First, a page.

Tuesday, August 30, 2016

Injustice Book Review: Loki's Child

Cower not, fierce reader! We have today a tale of upsetting the social order. A work of satire...or is it? Please note, this book is not for the gentle of spirit.

Fenris Wulf has presented us with an interesting tale, filled with crimes against Social Justice.  The first section of the book is filled with accusations against the modern "music" industry.  We have stories of talent getting ignored and buried, a culture that hates its supporters and enablers that will commit any crime to make the record happen.

We are also presented with a blatant hatred of all things leftist. That does not push our characters to the opposition party, for in fact they do not oppose but in name. Actual rights are abandoned in favor of rights that put one at the mercy of or in the control of the government. The government is shown repeatedly to be complicit in crimes of kidnapping, drugging, and outright murder of people that are problematic. Hmm.

As I stated, there are moments where one is unsure of it being satire. Of course, there are things that are clearly satire, such as Presidential trial and succession by duel. These are televised, of course. Blackmail, obsession, and divided loyalties are the tools of the day, and there are no depths the story's villains will not stoop to.

This story will make you laugh, mostly at how close to reality it is. The music industry actively avoids talent, audiences don't listen anyway, and our political parties have been so similar it's ridiculous. A fine story, and one I'm happy to recommend. 7/10 fell deeds.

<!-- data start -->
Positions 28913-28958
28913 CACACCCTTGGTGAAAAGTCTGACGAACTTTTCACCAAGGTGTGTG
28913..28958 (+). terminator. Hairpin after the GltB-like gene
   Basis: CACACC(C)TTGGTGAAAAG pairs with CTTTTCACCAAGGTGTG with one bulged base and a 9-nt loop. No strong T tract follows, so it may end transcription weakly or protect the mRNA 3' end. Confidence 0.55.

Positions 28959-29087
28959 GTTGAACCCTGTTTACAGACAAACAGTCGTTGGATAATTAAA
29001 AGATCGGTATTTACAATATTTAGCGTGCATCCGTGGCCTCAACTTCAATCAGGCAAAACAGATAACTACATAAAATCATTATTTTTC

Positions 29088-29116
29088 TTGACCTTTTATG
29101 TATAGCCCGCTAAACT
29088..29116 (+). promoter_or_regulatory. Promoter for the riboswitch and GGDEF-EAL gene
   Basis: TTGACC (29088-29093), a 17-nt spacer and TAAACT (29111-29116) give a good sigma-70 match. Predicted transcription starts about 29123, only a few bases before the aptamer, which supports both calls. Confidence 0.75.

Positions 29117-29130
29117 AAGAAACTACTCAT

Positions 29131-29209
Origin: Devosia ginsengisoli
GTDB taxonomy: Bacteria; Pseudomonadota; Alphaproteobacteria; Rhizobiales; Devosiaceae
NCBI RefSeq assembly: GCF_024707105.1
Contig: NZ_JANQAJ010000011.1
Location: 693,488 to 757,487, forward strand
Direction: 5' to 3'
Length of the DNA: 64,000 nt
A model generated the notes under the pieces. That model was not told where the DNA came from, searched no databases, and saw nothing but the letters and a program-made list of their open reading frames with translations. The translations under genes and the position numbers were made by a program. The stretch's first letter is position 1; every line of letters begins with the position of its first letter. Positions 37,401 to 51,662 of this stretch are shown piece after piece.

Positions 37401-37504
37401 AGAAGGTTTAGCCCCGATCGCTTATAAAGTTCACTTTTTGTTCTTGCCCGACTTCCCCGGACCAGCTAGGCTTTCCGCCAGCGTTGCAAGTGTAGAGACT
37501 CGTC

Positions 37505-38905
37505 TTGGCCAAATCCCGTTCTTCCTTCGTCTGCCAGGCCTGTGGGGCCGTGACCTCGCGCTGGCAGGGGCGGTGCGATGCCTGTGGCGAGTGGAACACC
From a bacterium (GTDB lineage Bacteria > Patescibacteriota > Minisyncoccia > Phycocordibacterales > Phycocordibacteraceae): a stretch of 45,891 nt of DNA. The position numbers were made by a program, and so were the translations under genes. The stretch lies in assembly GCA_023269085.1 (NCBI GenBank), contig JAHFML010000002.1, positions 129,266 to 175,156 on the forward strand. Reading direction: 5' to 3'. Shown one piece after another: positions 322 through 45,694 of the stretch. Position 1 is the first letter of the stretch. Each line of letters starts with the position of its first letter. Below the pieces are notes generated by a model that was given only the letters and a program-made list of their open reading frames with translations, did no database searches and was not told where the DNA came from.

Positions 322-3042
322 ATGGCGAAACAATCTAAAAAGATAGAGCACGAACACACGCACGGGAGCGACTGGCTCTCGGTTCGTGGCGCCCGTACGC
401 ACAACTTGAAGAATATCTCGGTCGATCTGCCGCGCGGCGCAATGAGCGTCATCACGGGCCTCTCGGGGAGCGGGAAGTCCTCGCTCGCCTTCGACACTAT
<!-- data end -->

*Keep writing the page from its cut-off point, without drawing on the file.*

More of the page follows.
Now, I'm going to address one aspect of this book I have some evidence for: the quality of editing done by Vox Day and the Castalia House team.  An early version of this tome was one of Castalia House's new release newsletter free books. I started reading that version; I actually got bored, and did not finish. Since then, it has been tightly edited to within an inch of its identity, and everything unnecessary has been chopped out. The transformation is remarkable, in terms of how much better the book became, while keeping the same story. Congratulations on the transformation, Vox.

I would like to further note that this is no insult to Fenris Wulf.  I have seen some unedited versions of John C. Wright's work, and he needs editing as well, despite being a master of prose. This is not for the quality of the words, but rather, the flow of the narrative, and an editor makes all the difference.

When you play Social Justice, the world loses.

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